In lexicography is the following claim correct?

To describe the origin of a word in a dictionary only you need either describe its 'etymology' (if that word has a single morpheme) or 'morphology' (if it is constructed by more than one morpheme) but not both.

  • No, it's not. It's far too general and vague, for one thing. For another, there's no context or language mentioned. Finally, while this is not ELU.SE, this is not grammatical English, and any correct statement in lexicography would have to start off by being grammatical in some language.
    – jlawler
    Commented Apr 16, 2013 at 3:47
  • I don't understand what you're trying to ask. Can you explain further? Commented Apr 16, 2013 at 3:47
  • @GastonÜmlaut I rephrase the claim. Commented Apr 16, 2013 at 5:08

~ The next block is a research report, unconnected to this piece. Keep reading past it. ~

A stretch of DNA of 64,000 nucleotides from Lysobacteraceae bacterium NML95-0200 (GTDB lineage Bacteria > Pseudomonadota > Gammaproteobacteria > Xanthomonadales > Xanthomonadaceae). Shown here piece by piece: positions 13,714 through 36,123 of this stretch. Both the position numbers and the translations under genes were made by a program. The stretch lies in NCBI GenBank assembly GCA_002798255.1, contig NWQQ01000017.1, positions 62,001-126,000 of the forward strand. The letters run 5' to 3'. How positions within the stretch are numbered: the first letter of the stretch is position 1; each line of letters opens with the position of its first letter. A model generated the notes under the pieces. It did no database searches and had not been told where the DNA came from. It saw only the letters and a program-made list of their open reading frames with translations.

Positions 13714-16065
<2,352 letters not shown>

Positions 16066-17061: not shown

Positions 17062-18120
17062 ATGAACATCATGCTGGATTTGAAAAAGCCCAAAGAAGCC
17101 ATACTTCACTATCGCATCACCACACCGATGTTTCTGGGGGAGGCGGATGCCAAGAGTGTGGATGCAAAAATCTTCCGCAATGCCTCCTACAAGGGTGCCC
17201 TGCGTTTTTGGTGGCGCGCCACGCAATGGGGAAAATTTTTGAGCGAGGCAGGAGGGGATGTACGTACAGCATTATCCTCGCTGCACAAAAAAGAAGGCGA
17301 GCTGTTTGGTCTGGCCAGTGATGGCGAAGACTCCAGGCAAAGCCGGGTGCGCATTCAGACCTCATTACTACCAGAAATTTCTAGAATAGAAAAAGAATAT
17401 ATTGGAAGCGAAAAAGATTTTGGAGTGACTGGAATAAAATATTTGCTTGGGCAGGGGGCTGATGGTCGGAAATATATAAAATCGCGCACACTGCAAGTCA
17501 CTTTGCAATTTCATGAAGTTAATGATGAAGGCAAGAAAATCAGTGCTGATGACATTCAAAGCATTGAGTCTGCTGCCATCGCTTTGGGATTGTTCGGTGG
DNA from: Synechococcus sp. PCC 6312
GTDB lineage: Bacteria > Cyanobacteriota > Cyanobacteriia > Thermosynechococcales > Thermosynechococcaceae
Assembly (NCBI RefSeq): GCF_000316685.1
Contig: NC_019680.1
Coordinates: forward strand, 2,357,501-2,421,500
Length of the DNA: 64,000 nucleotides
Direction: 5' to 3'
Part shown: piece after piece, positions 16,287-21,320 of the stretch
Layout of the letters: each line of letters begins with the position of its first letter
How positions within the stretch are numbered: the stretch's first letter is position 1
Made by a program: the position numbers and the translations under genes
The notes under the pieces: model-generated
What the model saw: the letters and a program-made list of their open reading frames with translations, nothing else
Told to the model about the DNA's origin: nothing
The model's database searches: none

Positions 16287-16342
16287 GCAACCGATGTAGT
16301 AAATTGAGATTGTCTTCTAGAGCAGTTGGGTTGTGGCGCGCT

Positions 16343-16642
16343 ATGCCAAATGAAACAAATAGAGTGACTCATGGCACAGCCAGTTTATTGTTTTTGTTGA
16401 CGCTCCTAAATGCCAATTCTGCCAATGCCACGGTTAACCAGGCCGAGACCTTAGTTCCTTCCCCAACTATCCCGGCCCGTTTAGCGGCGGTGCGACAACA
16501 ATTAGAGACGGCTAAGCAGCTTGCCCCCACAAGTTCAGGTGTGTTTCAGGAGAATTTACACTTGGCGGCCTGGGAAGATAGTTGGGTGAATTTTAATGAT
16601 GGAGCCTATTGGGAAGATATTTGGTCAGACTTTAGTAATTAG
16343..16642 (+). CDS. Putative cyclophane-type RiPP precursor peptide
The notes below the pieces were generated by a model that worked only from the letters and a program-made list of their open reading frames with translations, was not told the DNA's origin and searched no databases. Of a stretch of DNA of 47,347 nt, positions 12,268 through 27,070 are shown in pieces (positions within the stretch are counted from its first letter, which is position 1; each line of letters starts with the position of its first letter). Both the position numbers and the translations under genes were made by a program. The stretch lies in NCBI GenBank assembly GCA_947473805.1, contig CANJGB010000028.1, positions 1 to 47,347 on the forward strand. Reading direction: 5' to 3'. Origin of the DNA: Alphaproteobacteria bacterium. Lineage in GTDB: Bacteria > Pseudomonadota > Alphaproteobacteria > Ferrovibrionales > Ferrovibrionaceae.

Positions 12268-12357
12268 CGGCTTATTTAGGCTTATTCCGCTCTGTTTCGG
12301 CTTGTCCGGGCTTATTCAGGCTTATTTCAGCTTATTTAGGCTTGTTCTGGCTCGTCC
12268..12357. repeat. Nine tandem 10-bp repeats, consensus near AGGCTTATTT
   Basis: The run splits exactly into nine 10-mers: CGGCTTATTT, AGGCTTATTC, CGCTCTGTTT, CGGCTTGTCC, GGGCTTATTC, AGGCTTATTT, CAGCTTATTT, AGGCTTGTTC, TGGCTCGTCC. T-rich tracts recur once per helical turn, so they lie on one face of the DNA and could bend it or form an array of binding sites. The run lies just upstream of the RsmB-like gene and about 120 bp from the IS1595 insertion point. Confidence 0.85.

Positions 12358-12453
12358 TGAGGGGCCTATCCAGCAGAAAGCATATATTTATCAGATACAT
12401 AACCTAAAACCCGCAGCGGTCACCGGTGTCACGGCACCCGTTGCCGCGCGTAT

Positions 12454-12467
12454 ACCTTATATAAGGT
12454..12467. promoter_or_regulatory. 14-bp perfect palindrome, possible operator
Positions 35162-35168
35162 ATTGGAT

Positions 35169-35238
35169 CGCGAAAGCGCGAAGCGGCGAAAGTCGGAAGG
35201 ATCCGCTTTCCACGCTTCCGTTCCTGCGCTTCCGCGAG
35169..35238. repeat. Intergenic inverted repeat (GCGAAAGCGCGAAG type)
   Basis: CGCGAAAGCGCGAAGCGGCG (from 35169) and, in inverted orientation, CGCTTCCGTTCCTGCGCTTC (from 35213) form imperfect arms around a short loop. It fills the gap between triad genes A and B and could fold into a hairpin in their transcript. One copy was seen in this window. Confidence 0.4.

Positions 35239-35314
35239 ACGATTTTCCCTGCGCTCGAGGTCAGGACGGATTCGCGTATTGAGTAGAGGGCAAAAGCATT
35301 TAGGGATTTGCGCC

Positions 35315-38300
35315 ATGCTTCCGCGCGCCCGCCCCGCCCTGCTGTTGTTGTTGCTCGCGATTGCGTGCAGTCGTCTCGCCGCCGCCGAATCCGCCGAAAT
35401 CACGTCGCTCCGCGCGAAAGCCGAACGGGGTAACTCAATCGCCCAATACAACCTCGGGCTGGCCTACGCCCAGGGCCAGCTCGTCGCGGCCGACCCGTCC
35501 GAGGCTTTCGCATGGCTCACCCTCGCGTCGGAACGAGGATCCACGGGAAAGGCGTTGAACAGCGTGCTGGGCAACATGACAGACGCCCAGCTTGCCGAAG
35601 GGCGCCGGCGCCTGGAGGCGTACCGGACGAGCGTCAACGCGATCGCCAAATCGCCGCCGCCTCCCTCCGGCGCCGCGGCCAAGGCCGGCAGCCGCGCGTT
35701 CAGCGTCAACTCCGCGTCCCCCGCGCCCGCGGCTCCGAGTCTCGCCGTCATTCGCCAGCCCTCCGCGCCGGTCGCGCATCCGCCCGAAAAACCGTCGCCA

1 Answer 1



To some degree you're asking about the precise scope of the two terms, but as they are commonly understood:

  • Etymology is not restricted to monomorphemic words, or even to single words.
  • The morphology of a polymorphemic word is usually considered synchronically. The history (etymology) of its morphology is a separate matter

Also, I would tend to use morphology to refer to the structure of a derived or inflected word and not to a compound.

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